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By Devoreo Bell

December 2, 2015 (Chicago) - Last week, Black Lives Matter rallies across the nation, including in San Diego, called for justice for Laquan McDonald, a black Chicago teen shot in the back repeatedly by police.

Now Chicago Mayor Rahm Emanuel has asked Chicago Police Superintendent Garry McCarthy to resign, the Chicago Sun-Time reports. The announcement of McCarthy stepping down came after the city of Chicago drew fire over the killing of McDonald. Police dashboard video released 13 months after his October 2014 death revealed he was shot 16 times by a white police officer.

The footage shows the 17-year-old walking into a street toward squad cars, holding a knife. He then veered away and turned his back toward police, then was shot multiple times.

The Chicago tragedies are among numerous deaths of black people at the hands of white law enforcement officers that have drawn national scrutiny in recent years, giving rise to the Black Lives Matter Movement.

Critics have accused authorities of covering up the video. The City of Chicago approved paying McDonald’s family $5 million in compensation shortly after the shooting.

The camera footage of McDonald’s killing was released last week after a judge ordered it be released to the public. One day after its release, first degree murder charges were filed against Officer Jason Van Dyke, who has been released on $1.5 million bail. Van Dyke has a history of complaints and in a majority of the cases, he was cleared. The allegations are mostly excessive force and at least one complaint alleges that he used a racial slur.

In San Diego on Black Friday, approximately 75 protesters staged a Black Lives Matter march and rally ending at Horton Plaza downtown, calling for an end to police brutality. Among the protesters’ demands was a call for the police commissioner and mayor of Chicago to step down over the Laquan McDonald shooting.  The demonstrators also rallied outside the Hall of Justice in San Diego asking for law enforcement to be held accountable for deaths of black people

Cathy Mendonca, who helped organize the rally, called for a moment of silence for those killed by police.

Desiree Smith also spoke, saying her teenage son was choked, slammed down and tasered by officers at his school in what she termed abuse of authority by police. “This has to stop. My son survived; will yours?”

As for who may replace the Chicago Police Superintendent, Hispanic elected officials are expected to push for the position to be awarded to First Deputy Police Superintendent John Escalante, who is acting superintendent until the position is filled permanently.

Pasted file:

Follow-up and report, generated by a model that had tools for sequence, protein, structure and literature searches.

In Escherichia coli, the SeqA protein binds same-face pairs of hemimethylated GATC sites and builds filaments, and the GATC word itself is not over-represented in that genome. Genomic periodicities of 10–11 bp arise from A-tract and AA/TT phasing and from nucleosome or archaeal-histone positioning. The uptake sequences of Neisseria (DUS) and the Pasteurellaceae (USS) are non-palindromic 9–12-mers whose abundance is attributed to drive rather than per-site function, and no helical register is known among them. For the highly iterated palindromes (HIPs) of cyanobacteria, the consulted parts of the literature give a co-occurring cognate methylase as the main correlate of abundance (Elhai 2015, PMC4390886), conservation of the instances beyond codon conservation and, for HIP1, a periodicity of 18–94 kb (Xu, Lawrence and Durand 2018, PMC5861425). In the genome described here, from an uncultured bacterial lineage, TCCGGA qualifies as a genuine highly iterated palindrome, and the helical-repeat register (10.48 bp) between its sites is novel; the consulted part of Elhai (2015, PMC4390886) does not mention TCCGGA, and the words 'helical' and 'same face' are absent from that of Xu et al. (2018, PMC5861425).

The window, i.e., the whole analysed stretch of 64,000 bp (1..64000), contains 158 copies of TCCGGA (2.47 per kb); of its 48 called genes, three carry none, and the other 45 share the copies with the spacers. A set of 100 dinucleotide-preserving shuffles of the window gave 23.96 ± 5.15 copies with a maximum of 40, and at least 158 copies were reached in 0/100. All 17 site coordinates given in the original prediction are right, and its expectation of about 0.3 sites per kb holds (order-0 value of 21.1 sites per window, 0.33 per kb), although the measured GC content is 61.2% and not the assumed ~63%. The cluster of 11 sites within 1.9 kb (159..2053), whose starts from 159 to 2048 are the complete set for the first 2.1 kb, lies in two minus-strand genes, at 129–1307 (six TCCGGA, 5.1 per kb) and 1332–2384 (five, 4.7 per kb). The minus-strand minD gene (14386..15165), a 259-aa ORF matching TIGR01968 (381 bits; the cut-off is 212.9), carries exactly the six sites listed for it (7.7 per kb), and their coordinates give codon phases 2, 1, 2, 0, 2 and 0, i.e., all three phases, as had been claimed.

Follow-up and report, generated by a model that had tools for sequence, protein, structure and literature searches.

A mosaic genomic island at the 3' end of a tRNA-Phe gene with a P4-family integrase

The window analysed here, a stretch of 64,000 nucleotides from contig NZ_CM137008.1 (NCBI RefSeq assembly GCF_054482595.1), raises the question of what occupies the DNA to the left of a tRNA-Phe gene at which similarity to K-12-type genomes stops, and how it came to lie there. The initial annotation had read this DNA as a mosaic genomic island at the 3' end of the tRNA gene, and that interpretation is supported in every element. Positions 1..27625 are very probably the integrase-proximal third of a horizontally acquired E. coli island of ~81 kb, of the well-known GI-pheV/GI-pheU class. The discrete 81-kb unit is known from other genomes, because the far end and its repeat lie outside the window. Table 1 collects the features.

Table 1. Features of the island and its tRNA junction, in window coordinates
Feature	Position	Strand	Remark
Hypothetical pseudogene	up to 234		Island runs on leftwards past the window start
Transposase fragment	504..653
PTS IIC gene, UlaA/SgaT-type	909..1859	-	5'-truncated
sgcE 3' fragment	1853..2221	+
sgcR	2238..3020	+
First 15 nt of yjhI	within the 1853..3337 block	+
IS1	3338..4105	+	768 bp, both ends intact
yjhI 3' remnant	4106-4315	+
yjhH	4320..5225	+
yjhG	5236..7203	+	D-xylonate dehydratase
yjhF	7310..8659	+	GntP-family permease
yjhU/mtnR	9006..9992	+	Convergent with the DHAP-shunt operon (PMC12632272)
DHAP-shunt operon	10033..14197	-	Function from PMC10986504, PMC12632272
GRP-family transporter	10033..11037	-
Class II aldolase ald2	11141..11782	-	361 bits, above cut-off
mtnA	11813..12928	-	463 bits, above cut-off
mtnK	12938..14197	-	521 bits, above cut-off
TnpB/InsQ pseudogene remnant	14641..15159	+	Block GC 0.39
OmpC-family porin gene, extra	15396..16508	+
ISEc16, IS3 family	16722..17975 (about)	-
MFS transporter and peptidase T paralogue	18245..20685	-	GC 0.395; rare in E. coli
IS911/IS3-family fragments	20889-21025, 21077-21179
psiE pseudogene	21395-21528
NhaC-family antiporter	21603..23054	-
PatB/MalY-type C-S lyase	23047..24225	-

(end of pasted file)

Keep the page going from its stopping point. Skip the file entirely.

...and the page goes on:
But Escalante is already a political flashpoint. McCarthy’s decision to appoint him to replace retiring First Deputy Al Wysinger, who is African-American, infuriated the City Council’s Black Caucus and triggered demands for McCarthy’s ouster even before the Laquan McDonald video was made public.

According to, several aldermen are openly lobbying for Wysinger’s return. Alderman Anthony Beale, former chairman of the Chicago City Council’s Police Committee, stated, “I believe in my heart that Al Wysinger will be a great choice to lead the department. Al has the respect of the community as well as the entire police department.





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Laquan McDonald

The recordings obtained last Wednesday by Chicago's WMAQ-TV through a Freedom of Information Act Request show that one officer pursuing 17-year-old Laquan McDonald on Oct. 20, 2014, asked if others in the area had stun guns, which are used to subdue suspects with non-lethal force. Van Dyke shot McDonald 16 times, even as the teen to the ground.  


Recordings of Chicago police radio traffic surrounding the fatal shooting of a black teenager by a white officer show at least one responding officer asked for a Taser - given that squad-car video lacks audio - offer a partial glimpse of officers' discussions as events unfloded. None of the officers sho spoke appeared to be anxious until one radioed, "Shotsfired by police, get an ambulance over here."